Climate agreement will feed jobs in the United States, business and labor leaders say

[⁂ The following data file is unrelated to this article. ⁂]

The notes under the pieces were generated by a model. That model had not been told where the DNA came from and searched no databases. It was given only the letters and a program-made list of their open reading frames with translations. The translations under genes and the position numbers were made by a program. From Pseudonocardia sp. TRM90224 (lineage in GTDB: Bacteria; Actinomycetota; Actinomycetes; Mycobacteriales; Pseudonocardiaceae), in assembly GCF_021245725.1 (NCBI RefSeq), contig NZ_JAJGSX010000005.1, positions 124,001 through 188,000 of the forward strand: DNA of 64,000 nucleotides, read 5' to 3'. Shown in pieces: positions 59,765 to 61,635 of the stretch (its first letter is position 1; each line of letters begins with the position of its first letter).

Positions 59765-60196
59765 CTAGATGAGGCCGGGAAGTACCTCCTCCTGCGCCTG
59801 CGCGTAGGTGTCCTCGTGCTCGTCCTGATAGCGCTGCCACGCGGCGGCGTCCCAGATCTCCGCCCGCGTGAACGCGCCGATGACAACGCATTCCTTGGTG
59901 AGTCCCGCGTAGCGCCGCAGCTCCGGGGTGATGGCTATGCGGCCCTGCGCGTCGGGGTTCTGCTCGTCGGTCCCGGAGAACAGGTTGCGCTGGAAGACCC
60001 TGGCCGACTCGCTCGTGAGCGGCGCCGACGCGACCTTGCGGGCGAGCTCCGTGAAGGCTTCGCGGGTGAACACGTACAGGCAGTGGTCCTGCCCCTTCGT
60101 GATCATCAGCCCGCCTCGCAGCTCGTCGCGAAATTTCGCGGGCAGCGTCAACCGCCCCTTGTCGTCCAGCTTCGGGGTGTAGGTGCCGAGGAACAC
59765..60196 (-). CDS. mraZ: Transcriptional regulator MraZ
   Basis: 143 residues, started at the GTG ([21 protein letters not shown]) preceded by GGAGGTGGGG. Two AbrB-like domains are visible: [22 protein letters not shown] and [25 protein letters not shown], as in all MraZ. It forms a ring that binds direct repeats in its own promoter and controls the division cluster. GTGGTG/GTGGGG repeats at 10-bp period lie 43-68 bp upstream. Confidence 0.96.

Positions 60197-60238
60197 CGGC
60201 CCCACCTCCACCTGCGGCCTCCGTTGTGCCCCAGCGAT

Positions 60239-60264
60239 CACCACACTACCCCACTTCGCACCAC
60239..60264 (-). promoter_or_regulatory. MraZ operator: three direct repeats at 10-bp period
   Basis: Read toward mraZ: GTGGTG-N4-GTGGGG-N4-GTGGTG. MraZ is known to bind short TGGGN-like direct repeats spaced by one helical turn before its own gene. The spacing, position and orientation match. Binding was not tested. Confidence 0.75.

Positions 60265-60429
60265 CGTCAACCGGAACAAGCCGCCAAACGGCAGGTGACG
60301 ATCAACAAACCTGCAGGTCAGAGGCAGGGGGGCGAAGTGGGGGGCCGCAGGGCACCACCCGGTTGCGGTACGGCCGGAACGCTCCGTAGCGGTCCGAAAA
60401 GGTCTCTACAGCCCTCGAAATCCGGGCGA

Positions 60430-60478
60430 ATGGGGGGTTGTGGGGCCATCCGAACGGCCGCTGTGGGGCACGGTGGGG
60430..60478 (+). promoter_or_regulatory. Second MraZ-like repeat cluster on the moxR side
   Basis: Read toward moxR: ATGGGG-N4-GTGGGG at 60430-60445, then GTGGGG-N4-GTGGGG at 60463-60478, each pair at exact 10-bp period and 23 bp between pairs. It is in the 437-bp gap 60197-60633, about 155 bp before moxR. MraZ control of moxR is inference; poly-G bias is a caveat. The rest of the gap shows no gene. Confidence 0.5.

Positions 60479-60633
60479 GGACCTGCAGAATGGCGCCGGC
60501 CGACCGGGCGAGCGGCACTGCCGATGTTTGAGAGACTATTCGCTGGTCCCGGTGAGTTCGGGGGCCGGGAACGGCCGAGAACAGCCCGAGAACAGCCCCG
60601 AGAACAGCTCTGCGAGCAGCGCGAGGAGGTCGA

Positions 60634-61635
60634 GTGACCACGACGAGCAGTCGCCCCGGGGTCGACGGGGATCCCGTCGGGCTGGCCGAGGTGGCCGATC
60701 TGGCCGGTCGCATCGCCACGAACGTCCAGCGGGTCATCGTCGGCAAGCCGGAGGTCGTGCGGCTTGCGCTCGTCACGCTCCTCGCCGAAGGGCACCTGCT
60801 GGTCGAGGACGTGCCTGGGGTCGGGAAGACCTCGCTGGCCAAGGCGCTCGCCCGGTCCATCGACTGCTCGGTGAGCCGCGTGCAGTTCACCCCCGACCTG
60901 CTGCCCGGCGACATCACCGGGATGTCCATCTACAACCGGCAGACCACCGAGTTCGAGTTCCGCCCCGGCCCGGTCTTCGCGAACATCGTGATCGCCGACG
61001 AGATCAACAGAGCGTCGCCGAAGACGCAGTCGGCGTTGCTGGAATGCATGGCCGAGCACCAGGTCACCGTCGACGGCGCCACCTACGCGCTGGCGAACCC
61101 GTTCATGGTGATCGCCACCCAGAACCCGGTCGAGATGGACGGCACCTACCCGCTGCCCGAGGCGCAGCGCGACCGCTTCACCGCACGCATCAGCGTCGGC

By Matthew Lavietes NEW YORK, December 2 (Thomson Reuters Foundation) - Leading corporate executives and labor leaders issued a public petition Monday for the United States to remain in the global pact to avoid catastrophic temperature increases, arguing that the battle against change climate would protect the economy of the nation. and create jobs and businesses. The group that included Apple, Tesla, Unilever and Royal Dutch Shell chiefs said the Paris Agreement on global warming would boost economic health and create competitive businesses, in a statement released when the UN climate talks began in Madrid. The administration of President Donald Trump plans to take the United States, one of the largest emitters of greenhouse gases that heat the planet, from the 2015 agreement adopted by nearly 200 nations with the goal of limiting global warming to well below 2 degrees Celsius and ideally at 1.5 degrees. Trump has argued that the Paris agreement would cost the United States billions of dollars, kill millions of jobs and hamper the oil, gas, coal and manufacturing industries. The formal process of withdrawing from the pact began last month. The group of 75 executives who expressed support for the Paris agreement said they employed more than 2 million American workers, while union leaders represented 12.5 million workers. Complying with the Paris Agreement will strengthen our competitiveness in world markets, positioning the United States to lead the deployment of new technologies that support the transition, provide our workers and communities, and create jobs and companies built to last, they said. The International Labor Organization (ILO) has said that 24 million new jobs could be created worldwide by 2030 under policies to promote a greener economy. Sustainable energy jobs would more than compensate for some 6 million jobs that would be lost elsewhere, he said. The ILO has also said that rising heat due to climate change could eliminate 80 million jobs by 2030, with the most affected poor countries. Executives and labor leaders called for a fair transition for workers whose jobs in the fossil fuel industry will disappear as economies move to renewable energy sources. In the climate talks in Madrid, UN Secretary General Antonio Guterres said that most people would benefit from greener economies, but that social policies were needed to care for those who would be left without work in sectors with high carbon content In any transition there are always people who will be negatively affected, he told reporters. Today ... the green economy is more profitable than the economy of the past, but it is true that there will surely be certain areas that will suffer, and that is why we are in favor of a just transition. Governments have the task in Madrid to establish the final rules to implement the Paris agreement and prepare to strengthen their national climate action plans next year. Union executives and leaders said efforts to curb emissions advanced very slowly as extreme weather worsens and sea levels rise. There has been progress, but not enough, said his statement. This moment requires greater and more accelerated action than we have seen. (Matthew Lavietes report; additional report by Megan Rowling in Madrid. Ellen Wulfhorst edition. Please credit the Thomson Reuters Foundation, the charitable arm of Thomson Reuters, which covers humanitarian news, women's rights and LGBT +, trafficking in people, property rights and climate change, visit http://news.trust.org) This story has not been edited by The Times of India and is automatically generated from a syndicated feed to which we subscribe. (This story has not been edited by timesofindia.com and is automatically generated from a syndicated feed to which we subscribe.)

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